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(1887) [MARC] Author: Viktor Rydberg Translator: Alfred Corning Clark With: Hans Anton Westesson Lindehn
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Full resolution (JPEG) - On this page / på denna sida - The Roman Emperors in Marble - 4. Claudius

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"J^ ROMAN DA YS.
side of a measure of wine—he came forward, and to the
wrath and amusement of the senators, gave precise infor-
mation on what he himself had experience of, in relation
to the arrangement, articles sold, and prices of these
places of resort.
From the life he thus described, fate had suddenly
moved him up to a throne. How it happened, we all
know. Caligula had fallen by the swords of the conspir-
ators, and the senate, at the first tidings thereof, had as-
sembled at the Capitol in order, under protection of the
arms of the hastily collected city cohorts, to " reinstate lib-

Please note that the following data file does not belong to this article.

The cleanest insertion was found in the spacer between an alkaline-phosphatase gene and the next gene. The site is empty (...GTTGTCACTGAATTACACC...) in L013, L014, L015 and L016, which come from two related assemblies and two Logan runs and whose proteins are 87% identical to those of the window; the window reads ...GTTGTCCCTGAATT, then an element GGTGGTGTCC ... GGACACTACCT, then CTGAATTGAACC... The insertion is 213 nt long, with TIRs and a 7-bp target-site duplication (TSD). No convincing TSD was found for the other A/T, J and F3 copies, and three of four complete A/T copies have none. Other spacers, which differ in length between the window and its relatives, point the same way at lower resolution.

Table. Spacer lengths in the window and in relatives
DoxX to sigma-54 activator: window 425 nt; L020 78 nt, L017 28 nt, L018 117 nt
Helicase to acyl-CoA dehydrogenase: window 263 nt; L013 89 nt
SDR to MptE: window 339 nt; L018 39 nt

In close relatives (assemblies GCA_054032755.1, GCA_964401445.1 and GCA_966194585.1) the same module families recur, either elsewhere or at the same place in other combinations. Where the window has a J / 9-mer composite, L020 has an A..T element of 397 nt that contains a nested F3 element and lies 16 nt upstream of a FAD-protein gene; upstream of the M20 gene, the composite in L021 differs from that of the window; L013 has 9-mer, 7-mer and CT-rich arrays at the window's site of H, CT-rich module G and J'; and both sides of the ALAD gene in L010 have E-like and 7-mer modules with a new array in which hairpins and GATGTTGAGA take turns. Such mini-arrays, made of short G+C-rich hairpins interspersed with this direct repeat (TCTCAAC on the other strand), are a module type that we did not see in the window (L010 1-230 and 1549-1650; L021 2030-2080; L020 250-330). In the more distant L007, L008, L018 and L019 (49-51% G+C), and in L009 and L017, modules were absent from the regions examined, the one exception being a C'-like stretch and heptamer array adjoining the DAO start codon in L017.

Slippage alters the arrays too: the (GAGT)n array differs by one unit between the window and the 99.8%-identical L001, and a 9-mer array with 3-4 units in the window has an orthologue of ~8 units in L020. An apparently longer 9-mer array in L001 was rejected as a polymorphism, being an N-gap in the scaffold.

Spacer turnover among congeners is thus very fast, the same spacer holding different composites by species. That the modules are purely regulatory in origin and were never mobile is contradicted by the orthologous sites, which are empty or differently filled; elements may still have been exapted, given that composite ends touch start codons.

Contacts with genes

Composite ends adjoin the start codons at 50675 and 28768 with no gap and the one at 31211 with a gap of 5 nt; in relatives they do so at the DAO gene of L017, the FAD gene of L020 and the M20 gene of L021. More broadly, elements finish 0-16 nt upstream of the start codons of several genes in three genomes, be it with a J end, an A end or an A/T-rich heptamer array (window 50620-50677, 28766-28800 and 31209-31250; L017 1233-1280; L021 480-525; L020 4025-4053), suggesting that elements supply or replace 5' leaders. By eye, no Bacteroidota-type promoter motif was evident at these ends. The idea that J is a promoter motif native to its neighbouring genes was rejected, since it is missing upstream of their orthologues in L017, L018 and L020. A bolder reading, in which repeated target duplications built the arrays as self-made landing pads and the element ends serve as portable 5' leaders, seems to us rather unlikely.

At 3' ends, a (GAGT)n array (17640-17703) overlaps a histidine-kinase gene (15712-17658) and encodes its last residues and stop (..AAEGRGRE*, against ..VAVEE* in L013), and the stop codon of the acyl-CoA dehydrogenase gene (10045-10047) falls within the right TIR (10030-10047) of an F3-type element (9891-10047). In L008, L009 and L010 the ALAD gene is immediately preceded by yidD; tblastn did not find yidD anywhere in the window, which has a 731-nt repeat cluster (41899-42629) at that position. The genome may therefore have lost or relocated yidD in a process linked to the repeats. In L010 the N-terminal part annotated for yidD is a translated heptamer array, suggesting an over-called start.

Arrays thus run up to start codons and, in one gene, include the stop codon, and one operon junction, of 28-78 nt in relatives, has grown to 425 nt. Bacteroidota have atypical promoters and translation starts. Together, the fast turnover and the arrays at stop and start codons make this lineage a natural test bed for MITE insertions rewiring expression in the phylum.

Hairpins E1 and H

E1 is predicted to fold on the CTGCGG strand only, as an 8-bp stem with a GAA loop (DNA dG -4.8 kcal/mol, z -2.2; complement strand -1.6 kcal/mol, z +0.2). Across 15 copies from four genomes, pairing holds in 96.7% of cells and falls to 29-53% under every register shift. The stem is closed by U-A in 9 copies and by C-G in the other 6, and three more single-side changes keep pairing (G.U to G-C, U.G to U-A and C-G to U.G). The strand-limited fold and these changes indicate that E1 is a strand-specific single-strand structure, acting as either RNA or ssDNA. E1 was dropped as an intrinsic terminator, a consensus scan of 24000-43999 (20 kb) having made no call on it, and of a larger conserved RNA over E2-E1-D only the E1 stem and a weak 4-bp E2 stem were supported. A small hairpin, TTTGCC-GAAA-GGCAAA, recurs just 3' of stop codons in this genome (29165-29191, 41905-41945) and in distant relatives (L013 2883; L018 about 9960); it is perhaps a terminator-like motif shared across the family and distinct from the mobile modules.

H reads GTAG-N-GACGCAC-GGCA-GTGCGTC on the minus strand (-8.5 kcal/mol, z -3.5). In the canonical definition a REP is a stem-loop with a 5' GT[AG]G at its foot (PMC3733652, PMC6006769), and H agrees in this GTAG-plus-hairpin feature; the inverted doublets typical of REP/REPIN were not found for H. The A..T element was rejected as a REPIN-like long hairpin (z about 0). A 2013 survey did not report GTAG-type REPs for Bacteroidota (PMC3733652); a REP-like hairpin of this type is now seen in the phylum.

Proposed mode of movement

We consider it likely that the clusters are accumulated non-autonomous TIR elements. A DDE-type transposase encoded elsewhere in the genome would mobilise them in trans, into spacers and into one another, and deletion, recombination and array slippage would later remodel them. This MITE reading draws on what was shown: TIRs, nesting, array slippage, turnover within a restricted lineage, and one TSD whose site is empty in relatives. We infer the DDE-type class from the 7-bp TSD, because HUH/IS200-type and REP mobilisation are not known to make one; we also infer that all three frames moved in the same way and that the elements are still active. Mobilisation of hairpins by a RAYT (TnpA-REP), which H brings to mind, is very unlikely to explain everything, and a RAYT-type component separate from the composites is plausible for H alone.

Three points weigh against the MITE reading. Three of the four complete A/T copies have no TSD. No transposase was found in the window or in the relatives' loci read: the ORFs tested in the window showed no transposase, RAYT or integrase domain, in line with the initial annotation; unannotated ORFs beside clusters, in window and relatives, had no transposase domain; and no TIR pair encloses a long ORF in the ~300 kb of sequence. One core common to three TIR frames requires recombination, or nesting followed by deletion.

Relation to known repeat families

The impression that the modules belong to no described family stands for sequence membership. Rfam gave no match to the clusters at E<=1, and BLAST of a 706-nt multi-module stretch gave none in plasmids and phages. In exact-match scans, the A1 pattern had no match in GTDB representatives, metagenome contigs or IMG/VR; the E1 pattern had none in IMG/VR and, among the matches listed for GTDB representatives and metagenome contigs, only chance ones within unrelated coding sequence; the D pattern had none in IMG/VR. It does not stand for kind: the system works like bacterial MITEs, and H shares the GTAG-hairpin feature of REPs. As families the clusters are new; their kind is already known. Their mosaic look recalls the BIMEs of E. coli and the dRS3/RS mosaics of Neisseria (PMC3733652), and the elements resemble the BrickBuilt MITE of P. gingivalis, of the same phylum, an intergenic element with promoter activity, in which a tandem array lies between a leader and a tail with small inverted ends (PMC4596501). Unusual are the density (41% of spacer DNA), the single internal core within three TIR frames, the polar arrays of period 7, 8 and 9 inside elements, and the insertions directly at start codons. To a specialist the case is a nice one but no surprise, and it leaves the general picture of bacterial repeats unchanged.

erty," as the fine phrase sounded. But while the senators
wrangle about how this shall be done, and how together
with liberty they can secure order and property rights,
not least a right to the ownership of slaves, a serio-comic
event is taking place, but a stone’s throw or tv/o from
the spot, which crosses all of a sudden, the grandiose
scheme. A light-fingered soldier has taken care, in the
confusion, to smuggle himself into the deserted palace,
and there discovers a pair of feet below the tapestry of a
door. The owner of the feet throws himself terrified on
his knees, and begs for his life. The soldier, who in the
petitioner knows Caligula’s uncle Claudius, has straight-
way a capital idea. He steals Claudius, and meeting as
he hurries out of the palace with him, a few comrades,
they help him to lift the stolen goods into a chair, and
carry them to the camp of the praetorian guard. The
prcTstorians, who are surly at the confidence the senate
has shown the city cohorts, and besides care more for
pay and gifts of money than for freedom, proclaim Clau-
dius emperor. The people, collected outside the council
chamber of the senate, joins the cry of homage, the city
cohorts retreat to their barracks, the cries for liberty are

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